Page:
A refrigerated train carrying the remains of the people who died aboard the downed Malaysia Airlines plane arrived in Kharkiv, Ukraine, on Tuesday. That's a city controlled by the central government in Kiev and 17 hours away from the chaos of Hrabove, the eastern city controlled by pro-Russian separatists, where the debris and remains were scattered.
At least 47 people have been killed in fighting over the past 24 hours between rival Libyan militias battling for control of Tripoli's international airport.
The country's health ministry said late Sunday that the fighting also wounded 120 people. The Associated Press reports:
"The weeklong battle over the airport is being waged by a powerful militia from the western city of Zintan, which controls the facility, and Islamist-led militias, including fighters from Misrata, east of Tripoli. The clashes resumed Sunday after cease-fire efforts failed.
Marcie Sillman talks with Majid al-Bahadli, a Seattleite who fled Iraq after the first Gulf War. He is among a group of Iraqi-Americans who organized a rally Monday to protest the Islamic State of Iraq and the Levant's escalation of violence.
Scotland has been part of the United Kingdom for more than 300 years. This fall, that could change. In mid-September, a referendum on independence will determine whether Scotland breaks off from England, Northern Ireland and Wales to become a sovereign nation.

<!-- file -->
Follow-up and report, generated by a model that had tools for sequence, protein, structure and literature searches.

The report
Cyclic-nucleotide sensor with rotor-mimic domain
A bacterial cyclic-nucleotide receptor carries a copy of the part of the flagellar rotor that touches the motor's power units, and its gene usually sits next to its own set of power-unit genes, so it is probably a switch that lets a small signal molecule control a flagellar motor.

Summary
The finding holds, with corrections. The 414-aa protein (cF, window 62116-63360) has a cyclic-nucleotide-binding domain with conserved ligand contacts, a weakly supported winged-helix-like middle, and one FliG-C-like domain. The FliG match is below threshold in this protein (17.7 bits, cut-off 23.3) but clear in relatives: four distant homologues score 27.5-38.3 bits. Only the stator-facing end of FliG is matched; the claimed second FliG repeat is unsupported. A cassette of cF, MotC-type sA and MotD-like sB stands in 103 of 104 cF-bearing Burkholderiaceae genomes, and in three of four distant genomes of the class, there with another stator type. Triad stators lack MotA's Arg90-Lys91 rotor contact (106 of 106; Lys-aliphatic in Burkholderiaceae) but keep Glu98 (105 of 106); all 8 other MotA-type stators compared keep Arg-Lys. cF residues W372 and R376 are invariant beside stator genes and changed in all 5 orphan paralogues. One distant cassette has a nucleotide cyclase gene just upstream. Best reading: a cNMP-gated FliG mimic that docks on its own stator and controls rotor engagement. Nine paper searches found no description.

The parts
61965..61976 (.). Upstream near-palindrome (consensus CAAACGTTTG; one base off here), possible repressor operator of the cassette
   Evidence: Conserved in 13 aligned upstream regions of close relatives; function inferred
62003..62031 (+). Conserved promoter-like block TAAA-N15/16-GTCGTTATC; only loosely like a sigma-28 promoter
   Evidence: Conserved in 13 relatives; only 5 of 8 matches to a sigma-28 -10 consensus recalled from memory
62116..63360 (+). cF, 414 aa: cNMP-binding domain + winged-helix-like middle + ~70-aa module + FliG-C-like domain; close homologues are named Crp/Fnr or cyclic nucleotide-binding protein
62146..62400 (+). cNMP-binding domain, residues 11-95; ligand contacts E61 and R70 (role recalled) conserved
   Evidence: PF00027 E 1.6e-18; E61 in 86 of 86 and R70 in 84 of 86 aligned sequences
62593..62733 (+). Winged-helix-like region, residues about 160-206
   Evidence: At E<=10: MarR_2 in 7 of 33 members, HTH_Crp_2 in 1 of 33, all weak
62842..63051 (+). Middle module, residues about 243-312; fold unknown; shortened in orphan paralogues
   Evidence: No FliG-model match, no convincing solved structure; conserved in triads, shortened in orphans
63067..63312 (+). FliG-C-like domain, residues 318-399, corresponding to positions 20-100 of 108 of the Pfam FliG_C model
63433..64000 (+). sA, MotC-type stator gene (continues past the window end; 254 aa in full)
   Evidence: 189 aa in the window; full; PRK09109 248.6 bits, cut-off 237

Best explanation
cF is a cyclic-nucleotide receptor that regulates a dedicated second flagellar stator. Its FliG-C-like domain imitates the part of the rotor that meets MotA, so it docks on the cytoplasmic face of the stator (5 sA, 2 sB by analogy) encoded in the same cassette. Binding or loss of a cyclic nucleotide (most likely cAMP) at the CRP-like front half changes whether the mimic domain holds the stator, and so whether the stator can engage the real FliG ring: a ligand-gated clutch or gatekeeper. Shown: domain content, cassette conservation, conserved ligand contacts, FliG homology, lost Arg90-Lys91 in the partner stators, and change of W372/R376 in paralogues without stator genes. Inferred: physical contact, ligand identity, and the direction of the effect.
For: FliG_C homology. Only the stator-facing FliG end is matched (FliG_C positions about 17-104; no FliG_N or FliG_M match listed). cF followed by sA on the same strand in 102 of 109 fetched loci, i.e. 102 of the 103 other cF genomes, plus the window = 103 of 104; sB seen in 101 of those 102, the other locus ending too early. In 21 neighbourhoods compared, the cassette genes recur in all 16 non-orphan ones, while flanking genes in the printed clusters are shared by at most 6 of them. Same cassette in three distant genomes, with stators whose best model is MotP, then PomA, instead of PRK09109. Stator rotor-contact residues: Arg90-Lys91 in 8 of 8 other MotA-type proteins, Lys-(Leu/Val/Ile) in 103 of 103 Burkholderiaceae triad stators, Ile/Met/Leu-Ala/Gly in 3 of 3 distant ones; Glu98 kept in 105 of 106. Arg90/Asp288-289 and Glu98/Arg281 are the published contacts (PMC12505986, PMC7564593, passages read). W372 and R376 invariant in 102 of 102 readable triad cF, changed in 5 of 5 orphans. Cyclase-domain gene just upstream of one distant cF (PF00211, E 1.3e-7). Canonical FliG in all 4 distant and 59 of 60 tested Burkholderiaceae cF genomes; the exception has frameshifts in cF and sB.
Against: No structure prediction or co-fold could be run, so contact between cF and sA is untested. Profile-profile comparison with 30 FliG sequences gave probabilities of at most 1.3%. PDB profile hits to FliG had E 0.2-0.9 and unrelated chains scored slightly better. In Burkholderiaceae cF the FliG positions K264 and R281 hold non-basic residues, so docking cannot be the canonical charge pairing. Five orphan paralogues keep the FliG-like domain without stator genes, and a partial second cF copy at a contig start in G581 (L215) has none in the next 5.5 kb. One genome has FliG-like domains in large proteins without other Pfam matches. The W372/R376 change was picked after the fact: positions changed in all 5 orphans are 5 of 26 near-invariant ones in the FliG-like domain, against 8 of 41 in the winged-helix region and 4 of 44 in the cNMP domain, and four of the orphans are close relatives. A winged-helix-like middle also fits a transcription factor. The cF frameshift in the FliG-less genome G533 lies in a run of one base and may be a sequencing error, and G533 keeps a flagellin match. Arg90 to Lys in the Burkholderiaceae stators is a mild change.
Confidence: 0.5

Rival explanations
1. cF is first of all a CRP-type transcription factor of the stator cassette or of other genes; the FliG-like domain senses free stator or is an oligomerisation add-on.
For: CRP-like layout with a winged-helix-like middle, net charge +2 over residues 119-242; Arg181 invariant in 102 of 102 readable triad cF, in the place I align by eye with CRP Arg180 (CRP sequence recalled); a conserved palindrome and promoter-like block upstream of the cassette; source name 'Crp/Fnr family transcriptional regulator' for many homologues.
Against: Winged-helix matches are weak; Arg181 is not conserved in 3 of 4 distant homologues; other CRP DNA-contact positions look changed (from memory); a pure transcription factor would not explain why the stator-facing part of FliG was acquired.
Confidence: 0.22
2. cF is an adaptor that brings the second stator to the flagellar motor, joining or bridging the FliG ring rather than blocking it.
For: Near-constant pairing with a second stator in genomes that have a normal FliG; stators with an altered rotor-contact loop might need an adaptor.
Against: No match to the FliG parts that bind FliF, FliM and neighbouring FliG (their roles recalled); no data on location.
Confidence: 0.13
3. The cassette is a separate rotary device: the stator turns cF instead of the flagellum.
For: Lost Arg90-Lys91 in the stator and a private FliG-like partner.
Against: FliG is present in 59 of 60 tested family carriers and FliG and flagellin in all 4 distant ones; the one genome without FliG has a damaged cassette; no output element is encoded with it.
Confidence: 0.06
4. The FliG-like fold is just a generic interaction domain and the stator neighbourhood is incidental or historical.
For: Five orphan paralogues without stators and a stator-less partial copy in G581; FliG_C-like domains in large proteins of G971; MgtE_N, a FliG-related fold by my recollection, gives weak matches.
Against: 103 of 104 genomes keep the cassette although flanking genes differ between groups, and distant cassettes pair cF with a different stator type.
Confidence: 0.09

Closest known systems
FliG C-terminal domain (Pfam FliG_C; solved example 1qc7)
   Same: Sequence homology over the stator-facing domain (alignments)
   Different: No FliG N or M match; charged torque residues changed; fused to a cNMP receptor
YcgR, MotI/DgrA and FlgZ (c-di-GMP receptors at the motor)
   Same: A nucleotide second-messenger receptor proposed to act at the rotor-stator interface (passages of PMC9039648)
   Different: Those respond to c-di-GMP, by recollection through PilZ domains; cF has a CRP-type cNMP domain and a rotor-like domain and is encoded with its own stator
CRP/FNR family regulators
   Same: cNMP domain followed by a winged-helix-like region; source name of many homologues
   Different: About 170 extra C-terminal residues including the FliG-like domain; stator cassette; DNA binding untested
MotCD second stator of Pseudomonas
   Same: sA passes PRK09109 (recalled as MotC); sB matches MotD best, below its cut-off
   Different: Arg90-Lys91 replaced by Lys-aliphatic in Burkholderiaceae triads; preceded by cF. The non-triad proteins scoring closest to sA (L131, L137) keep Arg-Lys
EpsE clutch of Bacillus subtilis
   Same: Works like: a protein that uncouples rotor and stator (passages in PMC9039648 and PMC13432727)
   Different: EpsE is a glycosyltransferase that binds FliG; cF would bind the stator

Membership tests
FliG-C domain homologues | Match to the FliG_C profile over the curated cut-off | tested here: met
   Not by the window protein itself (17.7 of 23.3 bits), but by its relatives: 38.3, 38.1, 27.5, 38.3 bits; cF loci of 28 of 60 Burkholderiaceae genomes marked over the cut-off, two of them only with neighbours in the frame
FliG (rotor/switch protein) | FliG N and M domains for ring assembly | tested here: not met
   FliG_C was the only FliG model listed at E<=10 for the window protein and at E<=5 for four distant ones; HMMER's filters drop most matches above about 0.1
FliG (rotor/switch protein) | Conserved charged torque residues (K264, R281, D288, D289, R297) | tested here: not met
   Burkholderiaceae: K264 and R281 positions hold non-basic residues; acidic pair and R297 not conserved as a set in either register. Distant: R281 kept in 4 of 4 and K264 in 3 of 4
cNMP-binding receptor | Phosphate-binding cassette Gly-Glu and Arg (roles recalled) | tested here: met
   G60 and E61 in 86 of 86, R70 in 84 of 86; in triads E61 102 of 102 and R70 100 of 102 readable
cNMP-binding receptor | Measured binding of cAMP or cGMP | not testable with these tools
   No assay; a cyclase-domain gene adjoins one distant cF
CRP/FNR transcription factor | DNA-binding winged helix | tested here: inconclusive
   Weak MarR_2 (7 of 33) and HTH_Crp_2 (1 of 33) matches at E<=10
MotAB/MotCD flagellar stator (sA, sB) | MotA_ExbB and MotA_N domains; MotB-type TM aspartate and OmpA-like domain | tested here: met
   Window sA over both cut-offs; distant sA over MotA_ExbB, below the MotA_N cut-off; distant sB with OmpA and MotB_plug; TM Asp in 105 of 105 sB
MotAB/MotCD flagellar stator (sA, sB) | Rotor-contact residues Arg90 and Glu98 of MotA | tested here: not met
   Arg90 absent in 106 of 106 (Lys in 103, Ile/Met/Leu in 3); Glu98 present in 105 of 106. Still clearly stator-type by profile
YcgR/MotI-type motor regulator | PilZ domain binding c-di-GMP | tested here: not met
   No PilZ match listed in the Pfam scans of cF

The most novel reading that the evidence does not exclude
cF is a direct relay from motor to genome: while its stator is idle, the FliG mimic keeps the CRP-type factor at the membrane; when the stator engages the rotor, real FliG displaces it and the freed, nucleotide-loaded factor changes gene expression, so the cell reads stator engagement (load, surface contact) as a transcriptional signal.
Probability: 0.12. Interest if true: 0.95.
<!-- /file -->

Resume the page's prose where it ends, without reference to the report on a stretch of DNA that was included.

Scotland's largest city, Glasgow, is ground zero in this debate. The East End of this city is poor and run down, with some of the worst health figures in Europe. Men here are expected to live into only their mid-50s, some 30 years less than in wealthy areas.
On the NPR Newscast: Peter Kenyon reports from Kiev
We're adding updates throughout this post as the day continues.
Tensions continue to rise in Ukraine, where months of public protests led last week to the downfall of President Viktor Yanukovych's government. His opponents are now installing pro-Western ministers to replace the pro-Russian leaders who worked for Yanukovych. The interim government is expected to be in charge at least until new elections can be held, perhaps in late May.
Ross Reynolds talks with associate professor Scott Radnitz about the growing tension in Ukraine and why there has been a rise in violence. Radnitz explains how the situation in Ukraine differs from the other post-Soviet countries.